John and Catharine Brickett settled in this area around 1816. Their original log and wood frame house was later replaced with the present house, built from locally fired clay bricks. At the time, the main route wove through rural Chatham, NH, and Stow, ME, ending at the Brickett's front door. For many years, this site marked the end of the road on the Maine frontier.
For five decades, John, Catharine, Phebe (John's second wife after Catharine's death in 1839) and their 9 children subsisted on their small-scale farm, growing crops such as potatoes, corn, and hay, and by raising livestock. During the winter and spring, like most New England farmers, they supplemented their income through logging and maple sugaring operations.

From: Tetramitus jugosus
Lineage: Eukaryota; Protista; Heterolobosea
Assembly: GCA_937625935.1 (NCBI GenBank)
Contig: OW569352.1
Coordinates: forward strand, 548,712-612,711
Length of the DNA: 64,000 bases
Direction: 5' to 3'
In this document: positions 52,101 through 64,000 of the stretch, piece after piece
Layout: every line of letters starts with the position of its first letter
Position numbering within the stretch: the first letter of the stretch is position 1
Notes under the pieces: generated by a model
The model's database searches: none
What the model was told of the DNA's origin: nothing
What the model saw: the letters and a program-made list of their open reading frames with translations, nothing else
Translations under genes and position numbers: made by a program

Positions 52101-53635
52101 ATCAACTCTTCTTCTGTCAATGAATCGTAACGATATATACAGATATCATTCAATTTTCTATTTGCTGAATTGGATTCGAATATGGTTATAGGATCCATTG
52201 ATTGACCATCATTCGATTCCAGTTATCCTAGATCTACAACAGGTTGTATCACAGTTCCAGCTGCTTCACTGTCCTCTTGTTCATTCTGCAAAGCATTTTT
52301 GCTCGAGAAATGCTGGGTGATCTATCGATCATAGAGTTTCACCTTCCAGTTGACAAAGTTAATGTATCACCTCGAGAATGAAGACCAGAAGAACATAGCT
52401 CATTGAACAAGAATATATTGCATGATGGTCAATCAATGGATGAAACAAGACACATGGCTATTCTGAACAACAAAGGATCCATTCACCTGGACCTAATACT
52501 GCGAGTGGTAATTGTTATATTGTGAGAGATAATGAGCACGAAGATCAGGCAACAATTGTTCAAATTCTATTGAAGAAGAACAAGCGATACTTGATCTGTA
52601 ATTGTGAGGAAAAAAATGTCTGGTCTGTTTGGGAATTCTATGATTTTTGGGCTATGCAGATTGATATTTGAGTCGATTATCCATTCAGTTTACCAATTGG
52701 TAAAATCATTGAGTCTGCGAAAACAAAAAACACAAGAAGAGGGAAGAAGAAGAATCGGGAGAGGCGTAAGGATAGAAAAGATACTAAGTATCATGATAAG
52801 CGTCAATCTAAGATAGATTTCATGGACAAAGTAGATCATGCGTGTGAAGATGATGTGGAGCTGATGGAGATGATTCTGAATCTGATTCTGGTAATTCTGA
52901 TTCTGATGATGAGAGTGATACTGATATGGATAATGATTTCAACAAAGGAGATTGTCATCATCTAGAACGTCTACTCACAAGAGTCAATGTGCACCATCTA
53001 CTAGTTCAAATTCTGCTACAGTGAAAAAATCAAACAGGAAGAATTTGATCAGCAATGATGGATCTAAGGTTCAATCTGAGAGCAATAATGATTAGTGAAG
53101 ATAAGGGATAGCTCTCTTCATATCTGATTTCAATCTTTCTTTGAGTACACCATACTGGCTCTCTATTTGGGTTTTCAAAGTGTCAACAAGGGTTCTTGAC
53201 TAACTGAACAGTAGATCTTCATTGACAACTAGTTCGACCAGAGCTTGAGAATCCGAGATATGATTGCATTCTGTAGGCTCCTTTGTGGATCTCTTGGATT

Since John Brickett's death in 1863, the house has passed through many uses. Acquired by the Forest Service in 1918, the "Brickett Place," as it was locally known, has served at various times as the headquarters for a nearby Civilian Conservation Corps camp, a Forest Service information station, an Appalachian Mountain Club hut, a Boy Scouts of America bunkhouse, and a hiking information center.